A Grand Tour of Cambridge

7:42 am

Walking out of the door and into the Pembroke yard, I feel the warmth of the sun pouring down on me and I admire the old brick buildings, perfectly manicured lawns, the beautiful gardens, and the intricate stained glass adorning the chapel and the library.

7:59 am

I see a spire pointing towards the sky, cold grey stone, intricate carvings, warm brown pews, offerings of glowing candles, statues of our Mother, multi-colored stained glass, and the crucifix as a reminder of His sacrifice; I hear hopeful prayers and songs of praise: this is home.

9:23 am

I can hear her before I can see her—a voice singing a song that I know but cannot remember–a talented musician serenading the street full of people that are too busy to slow down, pause, and listen; she is dreaming and hoping for more.

12:01 pm

Chairs are all facing in one direction, flags from all over the world are hanging from the ceiling, and the din of conversation is punctuated intermittently by cheers for the athletes on the television; this is my London 2012.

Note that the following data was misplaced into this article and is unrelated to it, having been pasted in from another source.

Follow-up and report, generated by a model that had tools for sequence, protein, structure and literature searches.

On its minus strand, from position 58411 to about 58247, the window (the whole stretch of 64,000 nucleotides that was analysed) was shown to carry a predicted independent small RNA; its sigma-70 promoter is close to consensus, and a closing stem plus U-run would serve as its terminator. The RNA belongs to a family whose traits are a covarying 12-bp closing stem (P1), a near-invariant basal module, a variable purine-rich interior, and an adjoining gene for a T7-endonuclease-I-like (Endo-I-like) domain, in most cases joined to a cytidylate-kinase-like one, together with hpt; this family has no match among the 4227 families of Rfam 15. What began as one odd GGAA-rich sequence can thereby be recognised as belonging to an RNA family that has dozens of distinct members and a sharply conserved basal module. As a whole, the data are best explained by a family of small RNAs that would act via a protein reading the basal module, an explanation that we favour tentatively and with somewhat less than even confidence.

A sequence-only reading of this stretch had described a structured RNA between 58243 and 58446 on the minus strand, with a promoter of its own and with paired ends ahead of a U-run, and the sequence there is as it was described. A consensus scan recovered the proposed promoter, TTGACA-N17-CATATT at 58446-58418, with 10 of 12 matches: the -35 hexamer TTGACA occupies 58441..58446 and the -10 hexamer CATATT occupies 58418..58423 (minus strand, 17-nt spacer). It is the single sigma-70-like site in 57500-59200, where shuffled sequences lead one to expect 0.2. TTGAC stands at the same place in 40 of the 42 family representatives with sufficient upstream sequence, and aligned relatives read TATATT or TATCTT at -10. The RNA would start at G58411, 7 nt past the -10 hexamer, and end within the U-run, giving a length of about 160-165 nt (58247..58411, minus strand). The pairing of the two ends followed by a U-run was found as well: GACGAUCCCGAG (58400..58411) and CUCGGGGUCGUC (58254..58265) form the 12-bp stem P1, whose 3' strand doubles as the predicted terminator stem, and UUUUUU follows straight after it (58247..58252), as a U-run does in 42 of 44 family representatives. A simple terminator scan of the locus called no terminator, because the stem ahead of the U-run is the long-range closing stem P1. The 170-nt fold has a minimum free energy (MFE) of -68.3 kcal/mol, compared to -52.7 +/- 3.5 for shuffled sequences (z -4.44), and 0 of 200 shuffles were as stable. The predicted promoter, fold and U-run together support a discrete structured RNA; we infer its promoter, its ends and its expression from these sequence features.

1:09 pm

What I could buy at the market: Olives, bread, clothes, coffee beans, loose-leaf tea, cut flowers, jewellery, t-shirts, scarves, Thai food, bikes, books, dried fruit, nuts, candy, frozen yogurt, belts, hair accessories, bags, key chains, souvenirs, produce, watches, records, smoothies, sausage, artwork, fish, chimney cakes, tarot cards, fortune telling, cheese, pies, military antiques, dresses, DVDs, and hats.

1:58 pm

It can be crowded or deserted, but the awe-inspiring view never changes; I stop a moment and look up and see the centuries-old Gothic spires of the college and its chapel to be reminded of the grandeur of this place; will it ever grow old?

2:16 pm

Rain pours down, but I am safely inside, looking out from a seat in the library that I now call my own, thinking that I would only see grass this green and sprays of flowers this alive during a Minnesota May; I am in a library (and a city) that has more history than I can fathom.

5:09 pm

So far, I have just been a spectator, watching the attempts of students and tourists alike to struggle and then succeed to navigate the river in a foreign vehicle; one day I will try, but for now, the bridge suits me just fine.

6:41 pm